• Genetic and -omics automated approaches to biodiversity and ecosystem functioning analyses to be also implemented in situ for species traceability and biodiversity assessments.
  • Data science and IoT approaches to optimize acquisition, processing and interpretation of physic, biological and ecological data.


Jacopo Aguzzi is a marine ecologists working with fisheries that is to date broadly interested in the monitoring of marine environments and the status of the services they provide by autonomous robotic technologies. He dedicated his research to the understanding of how biodiversity and ecosystem functioning are affected by behavioural rhythms of megafauna, which bias our sampling outcomes due to massive populational movements into the benthopelagic 3D scenario. Since the past decade, he is conducting an extensive monitoring activity on species behavioural rhythms and resulting community dynamism by cabled seafloor video-observatories and their docked mobile platforms, from the coastal areas to the deep-sea. As a result of that, he progressively got more interested in technological solutions allowing the establishment of autonomous monitoring networks of cabled observatories and mobile platforms as well as in automated video-imaging for biological data extraction (i.e. species tracking and classification) and storage in multidisciplinary data banks.

Fabio Conversano: technologist, his research focuses on the study of hydrological and biogeochemical cycles in the Mediterranean Sea in relation to atmospheric forcing and climate change, and in particular on flows and budgets of nutrients and dissolved oxygen in its water masses. In addition, he manages, organizes, and participates in, oceanographic cruises within national and international research projects and takes care of the management and organization of databases (oceanographic data collected).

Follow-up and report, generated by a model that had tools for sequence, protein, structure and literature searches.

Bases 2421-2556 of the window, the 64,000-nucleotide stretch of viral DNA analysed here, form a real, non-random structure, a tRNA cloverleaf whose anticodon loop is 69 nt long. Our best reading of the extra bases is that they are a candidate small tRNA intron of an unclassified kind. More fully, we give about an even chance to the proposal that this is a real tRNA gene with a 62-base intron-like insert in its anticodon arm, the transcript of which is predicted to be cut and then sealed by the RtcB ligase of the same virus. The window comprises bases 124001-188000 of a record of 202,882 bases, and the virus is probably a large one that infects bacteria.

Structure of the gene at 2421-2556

His roles in the projects include: scientific support to the study of fluid dynamics correlated to chemical, physical and biological data, within the context of biogeochemical cycles of the Mediterranean Sea, and the technological support for the acquisition, processing, graphical representation and analysis of oceanographic data. This second role includes know-how and management of oceanographic instrumentation.

Domenico D’Alelio: Research scientist at Stazione Zoologica Anton Dohrn, he has a wide experience in plankton ecology and evolution, with about 15 years of research activity including PhD at SZN and Post-doc specialization at Edmund Mach Foundation (Trento, Italy), and he has been involved in different National and International projects. His main scientific interest is studying plankton ecology by explicitly considering the evolutionary histories of species and the interactions between them, by intersecting issues pertaining to organismal biology, demography, community assembly, systems ecology, and network science. Author of more than 20 papers in SCI journals, he is member of the Presidential Council of the Italian Association of Oceanography and Limnology, member of the Association for the Studies of Limnology and Oceanography (ASLO) since 2008 and he is also a science communicator and writer.